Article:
SK Telecom and broadcasters forge alliance to compete with Netflix

Park Sae-jin Reporter() | Posted : January 3, 2019, 14:54 | Updated : January 3, 2019, 17:36

[Courtesy of Pooq]

SEOUL -- In an apparent bid to check the growing influence of Netflix, the world's top over-the-top (OTT) media company, three major South Korean broadcasters -- MBC, SBS and KBS -- joined hands with SK Telecom, the country's top mobile carrier, to combine their OTT services.

OTT services deliver film or TV drama content over the internet. Video-on-demand (VOD) services are popular in South Korea, where some 37 million smartphone users are hooked onto super-fast networks 24 hours a day. 
POOQ, a joint venture OTT service of the top three broadcasters, has about 3.7 million users, including 700,000 subscribers. Oksusu, an OTT service operated by SK Telecom, has about 9.5 million users, including nine million subscribers.

SK Telecom said in a regulatory filing Thursday that it signed a memorandum of understanding with the three broadcasting companies to merge their OTT services. The company said the alliance is to "build a cooperative system to secure competitiveness in the rapidly changing media market."

Industry officials said that SK Telecom agreed to secure a 30 percent stake in the combined OTT service and the stake will rise to 50 percent or higher when POOQ garners more than three million subscribed users.

For a new OTT service, SK Telecom plans to attract local investors with broadcasters creating media contents. The alliance is seen as a strategic move to countercheck Netflix, which has gained popularity since its service began in South Korea in 2016. Currently, the U.S. OTT service has about 500,000 subscribed users in South Korea.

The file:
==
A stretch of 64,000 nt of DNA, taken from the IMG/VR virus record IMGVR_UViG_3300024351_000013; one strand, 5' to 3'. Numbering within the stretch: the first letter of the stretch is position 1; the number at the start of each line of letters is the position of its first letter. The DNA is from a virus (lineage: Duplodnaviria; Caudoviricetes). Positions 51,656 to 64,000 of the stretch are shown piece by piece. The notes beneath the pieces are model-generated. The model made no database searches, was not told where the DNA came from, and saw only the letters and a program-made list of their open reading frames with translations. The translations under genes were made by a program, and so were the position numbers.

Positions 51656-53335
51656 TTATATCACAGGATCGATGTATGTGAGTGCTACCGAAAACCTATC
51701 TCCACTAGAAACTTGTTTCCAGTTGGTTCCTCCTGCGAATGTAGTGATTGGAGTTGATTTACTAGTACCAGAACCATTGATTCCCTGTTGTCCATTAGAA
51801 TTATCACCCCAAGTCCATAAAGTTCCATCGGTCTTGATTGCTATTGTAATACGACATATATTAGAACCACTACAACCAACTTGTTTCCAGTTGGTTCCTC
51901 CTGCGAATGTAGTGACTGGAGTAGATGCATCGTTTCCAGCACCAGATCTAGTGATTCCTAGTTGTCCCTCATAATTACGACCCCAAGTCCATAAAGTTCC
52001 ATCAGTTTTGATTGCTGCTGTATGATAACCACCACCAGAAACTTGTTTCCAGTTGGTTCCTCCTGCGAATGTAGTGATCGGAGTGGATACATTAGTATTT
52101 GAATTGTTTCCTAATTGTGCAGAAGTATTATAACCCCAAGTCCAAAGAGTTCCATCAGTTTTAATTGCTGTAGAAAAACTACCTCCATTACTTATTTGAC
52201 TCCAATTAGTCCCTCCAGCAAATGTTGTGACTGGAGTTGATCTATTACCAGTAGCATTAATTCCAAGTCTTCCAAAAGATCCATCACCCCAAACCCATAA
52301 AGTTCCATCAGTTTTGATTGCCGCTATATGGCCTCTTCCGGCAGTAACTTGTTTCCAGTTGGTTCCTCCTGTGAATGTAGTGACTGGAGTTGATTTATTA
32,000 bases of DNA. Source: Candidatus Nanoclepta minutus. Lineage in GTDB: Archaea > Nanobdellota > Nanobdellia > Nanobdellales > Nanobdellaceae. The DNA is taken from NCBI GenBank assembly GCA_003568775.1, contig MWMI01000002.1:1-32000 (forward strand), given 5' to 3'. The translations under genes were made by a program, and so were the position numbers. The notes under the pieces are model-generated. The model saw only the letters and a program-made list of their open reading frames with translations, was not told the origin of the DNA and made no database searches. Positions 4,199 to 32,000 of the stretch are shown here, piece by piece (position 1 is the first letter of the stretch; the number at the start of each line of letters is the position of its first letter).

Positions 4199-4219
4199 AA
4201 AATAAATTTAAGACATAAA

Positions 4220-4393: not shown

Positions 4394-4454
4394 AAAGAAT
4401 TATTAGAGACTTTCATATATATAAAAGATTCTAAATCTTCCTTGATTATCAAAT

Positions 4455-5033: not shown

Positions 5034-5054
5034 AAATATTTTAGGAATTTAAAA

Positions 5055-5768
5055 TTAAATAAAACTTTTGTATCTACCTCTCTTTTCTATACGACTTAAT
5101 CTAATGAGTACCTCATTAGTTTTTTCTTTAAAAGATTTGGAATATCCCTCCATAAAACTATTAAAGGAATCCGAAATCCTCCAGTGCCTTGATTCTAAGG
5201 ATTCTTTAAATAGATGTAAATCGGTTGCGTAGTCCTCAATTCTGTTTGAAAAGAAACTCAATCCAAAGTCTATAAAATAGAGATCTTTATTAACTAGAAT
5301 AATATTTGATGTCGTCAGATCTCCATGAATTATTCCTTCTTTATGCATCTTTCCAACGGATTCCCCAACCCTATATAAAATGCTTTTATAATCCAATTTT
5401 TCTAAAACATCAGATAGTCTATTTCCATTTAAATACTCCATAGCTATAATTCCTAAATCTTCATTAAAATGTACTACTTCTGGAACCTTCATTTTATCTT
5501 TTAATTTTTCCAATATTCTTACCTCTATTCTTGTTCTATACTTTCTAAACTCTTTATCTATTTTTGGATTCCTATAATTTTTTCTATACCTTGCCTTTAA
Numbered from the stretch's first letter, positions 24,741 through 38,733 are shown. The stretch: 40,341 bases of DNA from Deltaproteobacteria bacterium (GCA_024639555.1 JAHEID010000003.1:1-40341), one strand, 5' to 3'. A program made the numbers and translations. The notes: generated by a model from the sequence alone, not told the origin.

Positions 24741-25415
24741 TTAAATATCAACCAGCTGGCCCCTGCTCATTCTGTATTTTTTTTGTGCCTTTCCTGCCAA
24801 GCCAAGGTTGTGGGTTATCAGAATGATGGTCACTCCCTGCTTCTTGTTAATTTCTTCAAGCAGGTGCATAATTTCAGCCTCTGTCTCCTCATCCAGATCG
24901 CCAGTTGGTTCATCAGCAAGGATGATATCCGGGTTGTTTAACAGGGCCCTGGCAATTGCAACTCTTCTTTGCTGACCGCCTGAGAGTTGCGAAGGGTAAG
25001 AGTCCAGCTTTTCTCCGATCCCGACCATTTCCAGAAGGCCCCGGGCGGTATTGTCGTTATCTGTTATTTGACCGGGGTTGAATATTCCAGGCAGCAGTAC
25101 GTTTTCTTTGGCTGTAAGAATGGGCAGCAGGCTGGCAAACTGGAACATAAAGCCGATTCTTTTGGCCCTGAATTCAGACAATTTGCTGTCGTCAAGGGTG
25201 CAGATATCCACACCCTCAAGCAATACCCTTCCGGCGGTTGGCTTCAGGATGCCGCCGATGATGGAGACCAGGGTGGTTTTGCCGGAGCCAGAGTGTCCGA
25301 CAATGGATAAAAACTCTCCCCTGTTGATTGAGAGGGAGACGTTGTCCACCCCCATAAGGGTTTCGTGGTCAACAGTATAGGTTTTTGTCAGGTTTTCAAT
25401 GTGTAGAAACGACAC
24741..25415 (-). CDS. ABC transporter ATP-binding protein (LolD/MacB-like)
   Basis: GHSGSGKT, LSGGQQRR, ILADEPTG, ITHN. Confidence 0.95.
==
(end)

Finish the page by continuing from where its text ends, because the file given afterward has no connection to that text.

"Netflix caused a catfish effect in South Korea's OTT ecosystem which has been somewhat placid," Kim Kyo-suk, a pop-culture critic, told Aju News. He said Netflix has brought positive changes to South Korea's media industry in many ways.

[Courtesy of Oksusu]

Consumers welcomed the expanded choice of rich global contents, but many local OTT providers reacted nervously because they could not compete with trite contents. Meanwhile, POOQ has offered free TV streaming services by bringing in contents from foreign newsmakers such as BBC and CNN. Oksusu has focused on e-sports and virtual reality (VR)-based OTT service.

Netflix has also affected South Korea's production industry. The global OTT service, which operates over 190 countries and with 130 million subscribers worldwide, has strategically worked with production companies, creating original contents to meet viewers' tastes and overcome national and regional restrictions.

[Courtesy of Netflix]

Netflix worked with famous director Bong Jun-ho to create "Okja", a film starring actors and actresses from Hollywood and South Korea in 2017. It is preparing for the world premiere of "Kingdom", a zombie drama series directed by Kim Seong-hun and popular television writer Kim Eun-hee, at the end of January.

"Because of high production costs, contents creators are inclined to work with Netflix," Kim said, describing the way Netflix guarantees the freedom of production as inducement.
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